Texas opens with a win at the Penn Relays

April 25, 2008 9:01:23 PM PDT
Texas took its most important step to completing a tough distance triple: winning its first race at the 114th Penn Relays. Leonel Manzano broke away from a crowded field in the final 200 meters and carried the Longhorns to their third straight Relays' victory in the college men's distance medley relay championship Friday.

Erik Stanley, Danzell Fortson and Jacob Hernandez teamed up with Manzano, the NCAA indoor mile champion, for a winning time of 9 minutes, 32.89 seconds. Stanford was second in 9:33.16, and hometown favorite Villanova was third in 9:34.39.

The victory moved Texas toward its stated goal of trying for a Relays sweep of the DMR, 3,200 and 4-mile relays. The sweep has been accomplished by four schools, Maryland in 1940, Michigan in 1945 and 2005, Arkansas in 1999, and Villanova 11 times from 1964-80.

The Longhorns know that Manzano is their key to victory.

"The strategy was to go out and win," Manzano said. "We're here with the team in mind. I'm not here just for me; I'm here for my teammates.

"We wanted to get the most out of my running, but that being said, we wanted to go out and not just win one championship, but hopefully two and maybe three."

Stanford's Russell Brown nearly scuttled Texas' plans in their first race at Franklin Field. Brown led at the start of the 1,600-meter final leg, with Manzano close behind. With about half a lap remaining, Manzano made his move to break from the pack, and Brown followed.

"I felt Russell Brown on my left and I am usually pretty aware of where everybody is during a race," the Texas senior said. "I saw this other guy coming up and said, 'OK, it's time to go.' "That is where I decided to go, and Russell and I were just battling it out."

The slow pace of the DMR could help the Longhorns in their quest to win three championships.

"The most important thing to us was to run the best race we could," Texas assistant coach Jason Vigilante said. "I think every man did his job. The time wasn't particularly fast, but we weren't trying to run fast today."

Michigan women pulled off a Relays double for the second straight year, adding a victory in the 6,000 relay to Thursday's distance medley relay win.

Danielle Tauro, Toni Lynn Salucci, Geena Gall and Nicole Edwards combined for a winning time of 17:28.98, the Wolverines' second straight win in the event. Last year, Michigan won in a college- and meet-record time of 17:15.62.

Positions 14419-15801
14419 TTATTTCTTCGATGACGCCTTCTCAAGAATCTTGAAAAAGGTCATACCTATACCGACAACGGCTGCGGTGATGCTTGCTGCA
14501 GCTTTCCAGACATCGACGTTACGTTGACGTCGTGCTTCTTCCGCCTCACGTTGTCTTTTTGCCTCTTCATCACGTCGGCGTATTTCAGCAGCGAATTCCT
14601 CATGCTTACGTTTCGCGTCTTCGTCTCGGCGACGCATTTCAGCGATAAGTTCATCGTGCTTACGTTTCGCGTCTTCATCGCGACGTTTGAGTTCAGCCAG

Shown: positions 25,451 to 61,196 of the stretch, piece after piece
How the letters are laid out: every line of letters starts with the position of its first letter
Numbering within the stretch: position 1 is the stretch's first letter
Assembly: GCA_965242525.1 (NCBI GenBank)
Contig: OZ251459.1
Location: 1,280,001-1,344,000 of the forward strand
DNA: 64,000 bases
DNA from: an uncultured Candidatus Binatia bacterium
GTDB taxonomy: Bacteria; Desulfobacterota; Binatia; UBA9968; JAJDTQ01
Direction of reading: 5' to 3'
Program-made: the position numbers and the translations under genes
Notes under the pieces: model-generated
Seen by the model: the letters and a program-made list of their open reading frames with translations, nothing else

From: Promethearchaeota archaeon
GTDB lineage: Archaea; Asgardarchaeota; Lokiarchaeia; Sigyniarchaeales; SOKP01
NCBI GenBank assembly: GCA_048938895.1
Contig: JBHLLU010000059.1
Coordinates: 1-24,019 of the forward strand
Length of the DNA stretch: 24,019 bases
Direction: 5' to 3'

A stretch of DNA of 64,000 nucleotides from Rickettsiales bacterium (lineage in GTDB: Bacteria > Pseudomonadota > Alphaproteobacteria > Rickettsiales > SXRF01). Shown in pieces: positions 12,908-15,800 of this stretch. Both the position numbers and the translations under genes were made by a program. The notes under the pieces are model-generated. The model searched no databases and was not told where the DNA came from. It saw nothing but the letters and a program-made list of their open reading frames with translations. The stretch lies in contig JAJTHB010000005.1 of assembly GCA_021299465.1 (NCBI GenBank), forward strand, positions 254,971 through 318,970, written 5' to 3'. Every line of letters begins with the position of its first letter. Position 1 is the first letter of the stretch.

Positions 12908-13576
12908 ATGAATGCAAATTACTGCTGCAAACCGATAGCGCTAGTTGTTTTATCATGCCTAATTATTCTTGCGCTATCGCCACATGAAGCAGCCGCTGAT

Michigan's stiffest challenge came from Tennessee for the second straight day. The Vols, who finished second in the DMR, settled for a runner-up finish of 17:29.12.

Just as in the distance medley, the race came down to a duel between anchors Sarah Bowman of Tennessee and Edwards. Once again, Edwards used a late charge to win.

Gall had a comfortable lead when she handed off to Edwards. But Bowman closed the gap, just as Edwards expected. A day earlier, it was Edwards who chased down Bowman.

"It is definitely a different feeling to be out in front and to know she is coming from behind," Edwards said. "I can't see what is going on behind me, but it worked out well today."

With about 200 meters left, Bowman caught up to Edwards, and the race was on.

"With 200 to go, she was already moving onto my shoulder and I could see her behind me," Edwards said. "I didn't know how much she had left. What I did know is that I still had a bit of running left in my legs. I just wanted to wait, hold her off long enough so that I could kick home."

Michigan has a long history at the Penn Relays. The Wolverines' women rank fourth in Relays wins while the Michigan men entered the meet tied for third with Arkansas, behind Villanova and host Penn.

LSU set a collegiate record in the shuttle hurdle relays, finishing in 52.77 to break the mark of 52.85 set by Illinois in 2001. The Tigers surpassed their own Relays mark of 53.04 in 2003.

In the college women's 400 relay, LSU bested Texas A&M, winning the title for the second straight year and 12th time at the Relays in a meet record 42.59.

The Aggies had the fastest qualifying time in the event and had defeated LSU at the Texas Relays earlier this month, but that didn't bother LSU.

"We knew we were going to win," said LSU's Juanita Broaddus, a Philadelphia native who has been running at the Penn Relays since middle school. "We went into our time trials just to make it into the finals, not to go out there and blast and be No. 1.

"We don't need all that because we know we are good. There's no one in this country who can beat us that is in college."

Brooklyn Morris, Samantha Henry and Kelly Ann Baptiste teamed with Broaddus, and the quartet had an eye on the Relays record.

"We actually had looked at the record the other day in the book, and we said we were going for it," Broaddus said. "But that wasn't our focus. We knew we could do it, we just had to get the stick around."

The American team of David Oliver, Joel Brown, Aubrey Herring and Aries Merritt teamed up for a winning time of 53.31 in the Olympic Development shuttle hurdle relay. The time was the fastest for a national team in the event.

In the 100 dashes, Gerald Phiri of Texas A&M won in 10.39, while ShellyAnn Fraser of the University of Technology in Jamaica claimed the women's race in 11.39.